October 30, 2006

    I refused to read any of the books assigned in AP English, on the grounds that I resent being told what to read.

    It didn’t seem to make much difference to my grades.

  • Grant Bailie
    October 30, 2006

    I do not have especially fond memories of high school, but it wasn’t particularly traumatic either. I just went through it quietly, with just enough friends to keep me from being a potential serial killer. I never went to a dance or a game, but it never even occurred to me to try. I had some reputation as an artist I guess, and there were one or two popular kids who signed my year books saying something about my “dry wit”. But mostly what I remember about it is that my high school year book got my name wrong (Brant) so to further confuse the issue, whenever asked to sign a year book (seldom) I would sign a picture of a hockey player wearing a face mask. And I remember at graduation the guy in front of me in line turning around and saying: “Were you in our class?” And I said: “Yeah. I sat next to you in biology all year.” What a dick; I never liked that guy.

    I was the only person who didn’t throw his hat in the air at the close of the ceremony. I just got up and turned it in at the concession stand with my robe and drove home. To celebrate, my parents took me to Hardees. I probably ordered a cheeseburger.

    This question has plunged me into a deep depression that will last all of five minutes.

  • Susan Henderson
    October 30, 2006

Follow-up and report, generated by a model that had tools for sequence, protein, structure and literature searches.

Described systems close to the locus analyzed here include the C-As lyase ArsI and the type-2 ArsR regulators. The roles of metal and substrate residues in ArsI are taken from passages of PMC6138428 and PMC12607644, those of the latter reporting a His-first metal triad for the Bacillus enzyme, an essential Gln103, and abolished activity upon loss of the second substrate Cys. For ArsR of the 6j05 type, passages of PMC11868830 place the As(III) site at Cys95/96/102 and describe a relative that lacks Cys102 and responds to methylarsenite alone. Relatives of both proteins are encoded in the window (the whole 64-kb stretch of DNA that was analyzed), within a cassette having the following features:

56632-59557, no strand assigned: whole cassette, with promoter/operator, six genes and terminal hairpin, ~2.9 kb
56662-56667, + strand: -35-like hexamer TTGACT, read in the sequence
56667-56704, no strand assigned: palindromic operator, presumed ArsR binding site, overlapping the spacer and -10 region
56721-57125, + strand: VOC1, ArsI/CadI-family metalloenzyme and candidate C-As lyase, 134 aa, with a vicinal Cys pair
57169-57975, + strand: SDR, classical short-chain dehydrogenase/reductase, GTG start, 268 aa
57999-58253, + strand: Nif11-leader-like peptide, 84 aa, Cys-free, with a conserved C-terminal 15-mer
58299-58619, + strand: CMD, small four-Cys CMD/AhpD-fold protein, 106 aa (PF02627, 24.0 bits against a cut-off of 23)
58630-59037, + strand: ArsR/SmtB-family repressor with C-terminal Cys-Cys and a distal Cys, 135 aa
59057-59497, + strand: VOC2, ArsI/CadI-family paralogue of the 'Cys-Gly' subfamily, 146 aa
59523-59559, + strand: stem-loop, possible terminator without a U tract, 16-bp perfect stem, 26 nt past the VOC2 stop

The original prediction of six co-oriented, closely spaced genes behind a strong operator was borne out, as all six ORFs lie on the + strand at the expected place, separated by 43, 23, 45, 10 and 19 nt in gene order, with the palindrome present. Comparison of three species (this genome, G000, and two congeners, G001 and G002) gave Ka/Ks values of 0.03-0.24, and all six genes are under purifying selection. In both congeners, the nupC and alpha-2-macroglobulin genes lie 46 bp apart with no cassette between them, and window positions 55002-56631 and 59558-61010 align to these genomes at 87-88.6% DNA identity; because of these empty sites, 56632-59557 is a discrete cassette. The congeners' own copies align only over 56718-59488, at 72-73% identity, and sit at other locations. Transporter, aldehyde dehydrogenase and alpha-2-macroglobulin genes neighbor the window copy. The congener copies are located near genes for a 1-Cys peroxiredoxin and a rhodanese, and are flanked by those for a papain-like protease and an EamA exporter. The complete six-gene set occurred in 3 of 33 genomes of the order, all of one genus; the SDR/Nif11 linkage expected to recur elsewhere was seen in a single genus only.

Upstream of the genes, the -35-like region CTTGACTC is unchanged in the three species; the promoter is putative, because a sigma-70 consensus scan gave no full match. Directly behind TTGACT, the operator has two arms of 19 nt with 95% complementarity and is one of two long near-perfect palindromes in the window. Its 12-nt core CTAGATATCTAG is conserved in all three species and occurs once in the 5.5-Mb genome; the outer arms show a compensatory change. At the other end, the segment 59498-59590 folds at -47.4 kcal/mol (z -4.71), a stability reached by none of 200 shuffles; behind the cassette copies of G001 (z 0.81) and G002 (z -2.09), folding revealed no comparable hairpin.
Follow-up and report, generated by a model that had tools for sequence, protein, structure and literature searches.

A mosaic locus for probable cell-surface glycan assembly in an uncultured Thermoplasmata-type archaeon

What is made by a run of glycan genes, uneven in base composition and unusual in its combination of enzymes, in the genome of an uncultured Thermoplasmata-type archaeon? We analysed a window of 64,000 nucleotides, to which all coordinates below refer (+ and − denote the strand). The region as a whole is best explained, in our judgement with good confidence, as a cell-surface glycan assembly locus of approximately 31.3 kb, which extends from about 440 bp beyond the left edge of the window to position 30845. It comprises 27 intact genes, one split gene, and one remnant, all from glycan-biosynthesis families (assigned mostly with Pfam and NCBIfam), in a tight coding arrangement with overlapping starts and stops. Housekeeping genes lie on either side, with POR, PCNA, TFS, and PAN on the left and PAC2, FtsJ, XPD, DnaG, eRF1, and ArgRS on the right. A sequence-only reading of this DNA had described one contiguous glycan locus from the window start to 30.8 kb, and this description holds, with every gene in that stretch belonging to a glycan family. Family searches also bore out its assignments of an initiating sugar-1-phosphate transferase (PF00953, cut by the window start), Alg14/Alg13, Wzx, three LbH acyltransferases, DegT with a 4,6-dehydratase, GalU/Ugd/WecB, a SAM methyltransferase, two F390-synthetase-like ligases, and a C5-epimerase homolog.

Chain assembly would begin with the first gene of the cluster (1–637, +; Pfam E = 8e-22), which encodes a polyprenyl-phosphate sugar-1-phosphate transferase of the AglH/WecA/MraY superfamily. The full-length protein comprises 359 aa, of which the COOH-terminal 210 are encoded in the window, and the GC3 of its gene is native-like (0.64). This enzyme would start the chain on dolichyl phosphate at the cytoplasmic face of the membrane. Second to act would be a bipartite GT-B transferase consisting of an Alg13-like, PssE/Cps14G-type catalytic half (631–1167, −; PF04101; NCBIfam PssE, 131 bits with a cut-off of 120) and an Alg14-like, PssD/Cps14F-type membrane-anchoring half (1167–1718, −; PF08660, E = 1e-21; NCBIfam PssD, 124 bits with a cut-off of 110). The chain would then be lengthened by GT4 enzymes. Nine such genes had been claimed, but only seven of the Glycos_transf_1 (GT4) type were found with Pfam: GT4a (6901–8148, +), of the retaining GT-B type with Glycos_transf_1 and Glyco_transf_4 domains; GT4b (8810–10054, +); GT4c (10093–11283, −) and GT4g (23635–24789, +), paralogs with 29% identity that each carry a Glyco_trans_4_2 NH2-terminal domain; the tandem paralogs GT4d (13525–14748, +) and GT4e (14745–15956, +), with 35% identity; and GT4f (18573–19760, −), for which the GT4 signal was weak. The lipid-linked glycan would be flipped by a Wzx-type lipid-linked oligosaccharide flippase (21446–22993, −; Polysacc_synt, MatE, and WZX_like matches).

Your host, still hungover from Saturday’s costume party and hopelessly behind on everything, will check in properly this evening. I’m enjoying your stories! I would have wanted to have been friends with all of you.


  • Mary Akers
    October 30, 2006

    I was the do-everything, befriend-everyone girl. I didn’t fit into any one click, but had friends in all the clicks: jocks, nerds, geeks, stoners, rednecks, losers, preps–I loved ’em all. I had one boyfriend in 11th and 12th grade (who I still sometimes think about), I played sports, played flute, was in the rifle corps in the marching band, did debate, drama, was art club president, got the senior creative writing award for both poetry and prose (never thought I’d be a writer, though, I just “liked to write”). I thought I was cool, but in a very “detached cool” way. I wonder if I was. My daughters are both in high school now and they like to get out my old yearbooks and look me up…see who signed my yearbook, what I looked like, who I loved…they lie on the carpet and look up from the pages to eye me strangely. I think it’s the first time they’ve imagined me as a once living, breathing teenager.

  • Amy Kiger-Williams
    October 30, 2006